Original Air Date: April 10, 1964
Writer: Adele T. Strassfield
Director: Robert Butler
Jonathan West (Jackie Cooper) is a working-class Irishman struggling to find work as a ventriloquist. We first meet him trying to sell his parents’ valuables to Goldstein’s pawn shop in order to make rent. Meanwhile, his secretly-talking dummy “Caesar” starts planting dangerous ideas in Jonathan’s mind.
“Jonathan West, ventriloquist, a master of voice manipulation. A man, late of Ireland, with a talent for putting words into other peoples’ mouths. In this case, the other person is a dummy, aptly named Caesar, a small splinter with large ideas, a wooden tyrant with a mind and a voice of his own, who is about to talk Jonathan West – into the Twilight Zone.”
Caesar berates Jonathan for yet another failed audition and so, at Caesar’s insistence, Jonathan begins robbing businesses to pay his own rent. A neighboring girl named Susan (played by Morgan Brittany known for role on Dallas) suspects some foul play. She reports Jonathan to the police when news breaks that a local nightclub has been robbed. When the police arrive for Jonathan, he turns to Caesar claiming they were supposed to be a team and that Caesar promised to take the fall. The police believe they are watching a crazy man unravel. Jonathan is then slowly led away while Susan remains behind with Caesar who reveals to her that he can speak. He promises to work together as a team by helping her poison her aunt and run away from home to New York City. Susan coyly smiles at the idea.
“A little girl and a wooden doll. A lethal dummy in the shape of a man. But everybody knows dummies can’t talk – unless, of course, they learn their vocabulary in the Twilight Zone.”
By the time the fifth season had rolled around, The Twilight Zone unfortunately turned to re-hashing some old ideas. In this case, “Caesar and Me” is something of a hybrid of Season 3’s “The Dummy” (which also features a secretly talking dummy) and Season 5’s “Living Doll” (which features an evil doll). “Caesar and Me” is still good fun but it is not among the Zone’s best.
The Twilight Zone Trivia:
- The writer of the episode, Adele T. Strassfield, was the William Froug’s secretary. Mr. Froug was the producer of the second half of the final season of The Twilight Zone. According Marc Scott Zicree’s The Twilight Zone Companion, Mr. Froug worked out this episode together with Ms. Strassfield. She is the only woman credited with writing an original teleplay for The Twilight Zone (original series) though several women were credited for stories that were adapted for the show. Ms. Strassfield also wrote a first-season episode of Gilligan’s Island with executive producer Froug’s assistance again.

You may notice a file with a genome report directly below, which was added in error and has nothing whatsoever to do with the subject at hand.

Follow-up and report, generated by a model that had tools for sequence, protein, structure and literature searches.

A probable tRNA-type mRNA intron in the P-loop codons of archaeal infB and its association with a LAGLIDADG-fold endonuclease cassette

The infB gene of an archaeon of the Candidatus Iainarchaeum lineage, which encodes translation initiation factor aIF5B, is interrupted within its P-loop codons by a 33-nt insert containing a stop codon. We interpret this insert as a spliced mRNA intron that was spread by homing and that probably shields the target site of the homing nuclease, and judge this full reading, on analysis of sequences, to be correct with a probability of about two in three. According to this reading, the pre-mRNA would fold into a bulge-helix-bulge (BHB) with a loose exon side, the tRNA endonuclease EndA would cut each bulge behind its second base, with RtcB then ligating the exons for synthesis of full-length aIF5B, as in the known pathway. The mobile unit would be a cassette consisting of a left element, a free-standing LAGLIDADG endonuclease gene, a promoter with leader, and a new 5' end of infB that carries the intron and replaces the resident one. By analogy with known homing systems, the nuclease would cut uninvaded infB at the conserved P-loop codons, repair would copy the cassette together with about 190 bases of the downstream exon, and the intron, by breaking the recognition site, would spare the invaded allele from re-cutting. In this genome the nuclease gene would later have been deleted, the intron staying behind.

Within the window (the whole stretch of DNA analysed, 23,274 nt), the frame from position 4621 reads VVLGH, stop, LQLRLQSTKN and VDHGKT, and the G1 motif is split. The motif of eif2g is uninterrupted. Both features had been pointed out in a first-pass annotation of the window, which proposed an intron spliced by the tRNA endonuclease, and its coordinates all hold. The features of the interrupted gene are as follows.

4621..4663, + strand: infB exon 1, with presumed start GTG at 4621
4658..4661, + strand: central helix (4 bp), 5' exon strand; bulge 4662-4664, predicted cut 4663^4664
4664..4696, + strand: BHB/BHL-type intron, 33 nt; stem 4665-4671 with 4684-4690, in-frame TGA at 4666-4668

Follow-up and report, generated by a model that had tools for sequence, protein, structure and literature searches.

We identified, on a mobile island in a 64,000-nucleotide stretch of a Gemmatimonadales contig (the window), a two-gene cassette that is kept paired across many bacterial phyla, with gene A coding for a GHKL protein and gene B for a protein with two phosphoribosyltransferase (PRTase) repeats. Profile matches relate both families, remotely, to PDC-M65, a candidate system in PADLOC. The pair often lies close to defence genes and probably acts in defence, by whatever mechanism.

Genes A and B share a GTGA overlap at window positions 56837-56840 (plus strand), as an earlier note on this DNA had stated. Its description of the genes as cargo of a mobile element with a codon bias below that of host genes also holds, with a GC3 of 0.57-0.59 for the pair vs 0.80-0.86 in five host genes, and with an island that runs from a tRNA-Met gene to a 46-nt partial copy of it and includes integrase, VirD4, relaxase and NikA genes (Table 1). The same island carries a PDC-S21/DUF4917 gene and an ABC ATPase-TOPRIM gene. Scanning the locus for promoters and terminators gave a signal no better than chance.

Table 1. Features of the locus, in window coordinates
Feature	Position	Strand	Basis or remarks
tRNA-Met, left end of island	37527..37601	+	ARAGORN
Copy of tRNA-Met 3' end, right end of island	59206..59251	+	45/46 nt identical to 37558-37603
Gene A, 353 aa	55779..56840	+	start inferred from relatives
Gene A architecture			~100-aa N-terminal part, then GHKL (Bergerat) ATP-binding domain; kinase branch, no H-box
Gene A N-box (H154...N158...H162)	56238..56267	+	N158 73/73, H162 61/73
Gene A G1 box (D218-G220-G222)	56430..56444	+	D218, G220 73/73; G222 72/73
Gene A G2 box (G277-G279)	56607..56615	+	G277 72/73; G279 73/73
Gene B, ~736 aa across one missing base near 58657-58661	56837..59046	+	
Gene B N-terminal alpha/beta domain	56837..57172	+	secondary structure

- Abner Biberman also directed Season 5’s “Number Twelve Looks Just Like You”.
- Jackie Cooper played both the role of the ventriloquist as well as the voice of the dummy. He employed a unique old Irish accent for this role.
- The same dummy in this episode was used one year earlier in Season 3’s “The Dummy.” It was originally created in the 1940s by puppet maker Revello Petee. A figure of this puppet can apparently be spotted at Disney’s Hollywood Studios in the dark corner of a barred-off exhibit to the side of one of the elevator exits of the Twilight Zone Tower of Terror ride.
Click here to return to my survey of The Twilight Zone series.
I saw Caeser & Me long before seeing The Dummy and I must say, personally, that it made the better impression on me on how a man’s worst enemy would manifest via a ventriloquist’s dummy. Jackie Cooper was superb and his last scene where he breaks down in front of everyone after being finally abandoned by Caeser is quite heartbreaking. He was also superb as the voice of Caeser. Thanks for your review.
LikeLiked by 2 people
I thought Marc Scott Zicree was a little harsh when he dubbed this episode “pointless” in The Twilight Zone Companion. Thanks for your comment, Mike. The ending to “Caesar and Me” is indeed powerful knowing that we pity this poor man.
LikeLiked by 1 person
You’re welcome. Sometimes the point for a story can most personally be up to us an an audience. The point on how we find it in our hearts to feel for characters like Jonathan West is indeed a most valid one for me.
LikeLiked by 2 people